Chesterton Tribune



Plan introduced to raise $250,000 for Kids Cove park in Porter

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Residents of Porter Cove hungry to give their children a place to play said Tuesday that rehabbing the park containing Kids Cove at the southwest corner of their neighborhood will raise property values.

Blake Lange, who is leading the effort by Porter Cove residents to raise money to renovate the park, returned to the Porter Town Council with ideas on how to seek corporate sponsorships and private donations. He presented the Council with a flier on ways to help the residents reach their goal of $250,000.

“Porter Cove is working with the Town of Porter to build a premier park for the children of Northwest Indiana. The park will host children of all ages,” the flier said.

Sponsorship levels proposed include a platinum level of $100,000 that offered naming rights of the park. Other incentives included plaques to be put on playground equipment, business logos to be put on event posters and dinner with the Town Council.

Town Council President Greg Stinson asked Lange if he the thought $100,000 was a realistic amount to ask for a neighborhood park in a corner of town that doesn’t receive much traffic other than the people who live there, saying it would be difficult even for Hawthorne Park.

“My rebuttal to that is, ‘What if we do (get that donation)?’”, Lange said.

Lange said that Porter Cove is home to 267 homes and about one-fourth of the Town’s population. He referenced a study done by the National Parks Foundation that showed properties within proximity of a park have a 20 percent increase in property values. A 20 percent incremental value on the 267 homes in Porter Cove could mean about $90,000 more in annual property tax revenue, based on an average home market value of $175,000.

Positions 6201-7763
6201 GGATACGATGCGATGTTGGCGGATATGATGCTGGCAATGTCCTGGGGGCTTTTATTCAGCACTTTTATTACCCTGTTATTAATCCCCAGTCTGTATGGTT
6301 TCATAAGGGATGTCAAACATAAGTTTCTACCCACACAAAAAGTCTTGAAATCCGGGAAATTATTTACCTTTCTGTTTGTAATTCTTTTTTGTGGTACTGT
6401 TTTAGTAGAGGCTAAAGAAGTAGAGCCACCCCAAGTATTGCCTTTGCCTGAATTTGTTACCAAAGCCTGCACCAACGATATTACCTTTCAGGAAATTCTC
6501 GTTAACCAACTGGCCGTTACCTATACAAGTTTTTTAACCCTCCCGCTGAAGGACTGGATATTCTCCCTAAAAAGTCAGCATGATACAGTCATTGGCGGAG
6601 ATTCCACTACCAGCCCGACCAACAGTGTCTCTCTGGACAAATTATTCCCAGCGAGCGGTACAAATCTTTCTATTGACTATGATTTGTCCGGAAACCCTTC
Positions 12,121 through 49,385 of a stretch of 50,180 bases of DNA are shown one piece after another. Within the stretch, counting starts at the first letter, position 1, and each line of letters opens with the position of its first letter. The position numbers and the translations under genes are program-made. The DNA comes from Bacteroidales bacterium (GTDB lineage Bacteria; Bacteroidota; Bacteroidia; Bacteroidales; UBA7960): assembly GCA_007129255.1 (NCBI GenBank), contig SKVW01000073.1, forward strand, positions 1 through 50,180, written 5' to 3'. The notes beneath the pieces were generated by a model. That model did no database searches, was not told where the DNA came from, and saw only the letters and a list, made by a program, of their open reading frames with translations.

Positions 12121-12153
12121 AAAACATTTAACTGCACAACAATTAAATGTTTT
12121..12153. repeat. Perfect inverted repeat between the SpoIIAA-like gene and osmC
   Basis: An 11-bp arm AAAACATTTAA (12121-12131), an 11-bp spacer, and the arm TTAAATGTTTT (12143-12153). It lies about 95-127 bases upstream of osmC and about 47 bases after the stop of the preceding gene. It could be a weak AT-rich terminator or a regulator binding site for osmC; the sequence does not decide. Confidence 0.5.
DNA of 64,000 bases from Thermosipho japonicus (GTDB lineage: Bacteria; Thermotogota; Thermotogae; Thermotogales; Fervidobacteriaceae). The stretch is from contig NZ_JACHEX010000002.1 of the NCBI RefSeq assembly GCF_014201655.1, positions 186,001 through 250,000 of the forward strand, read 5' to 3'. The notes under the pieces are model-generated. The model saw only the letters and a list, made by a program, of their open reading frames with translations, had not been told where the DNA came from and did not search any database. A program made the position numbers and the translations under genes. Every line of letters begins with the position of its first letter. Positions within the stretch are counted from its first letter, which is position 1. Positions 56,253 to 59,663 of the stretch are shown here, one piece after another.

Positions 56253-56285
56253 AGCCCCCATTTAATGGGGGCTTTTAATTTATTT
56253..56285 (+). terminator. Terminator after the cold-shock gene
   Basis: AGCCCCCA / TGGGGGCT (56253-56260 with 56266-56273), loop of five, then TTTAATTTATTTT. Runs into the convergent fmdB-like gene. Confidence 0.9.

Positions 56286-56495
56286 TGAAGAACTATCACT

Lange said he met with Parks Director Brian Bugajski and saw that there was no inprovement plan for the park or funds to be raised in the budget for Kids Cove. “That led us to start a community boot-strapped effort to initiate a new park,” he said.

Some modifications have been made recently such as removing old and dangerous equipment. Besides the flier, residents are also forming efforts to raise funds during the Porter Perfect Pint event on Saturday, Oct. 14, Lange said.

Stinson raised the issue of what is legally feasible among the proposals on the flier. For example, the Town Council could not meet together for a dinner with a donor because of the Open Door Law, or at least they could not discuss anything related to business, he said, and there are other issues with using Town assets in promoting businesses.

Donations for a Town park would need to processed by the Town and he cautioned that donors might “go after” the Town if the goal isn’t reached or delayed.

“I think we need to be careful. It could cause some issues where people might complain,” Stinson said.

Lange said he understood Stinson’s points and this was only a matter of brainstorming. “What we did here is we threw out some ideas. We started from somewhere and we started from scratch,” he said.

Stinson asked that Lange meet with Town Council members Erik Wagner, who is liaison for the parks department, and Ross LeBleu about reworking the language on the flier and checking with Town Attorney Greg Sobkowski. If it meets with Sobkowski’s approval, the Council could permit the Porter Cove residents to distribute the flier at the next Council meeting on Sept. 12.

Bugaski asked if it would be practical to do a Memorandum of Understanding with residents. Sobkowski said he would need to see what it would look like before recommending that approach.

Council member Bill Lopez, who resides in Porter Cove, said he sees this as a collaborative opportunity with the residents.

From the floor, resident Corrine Peffers encouraged Council members to view Lakeland Park in Burns Harbor which was able to install new equipment costing about $100,000.


Posted 8/23/2017




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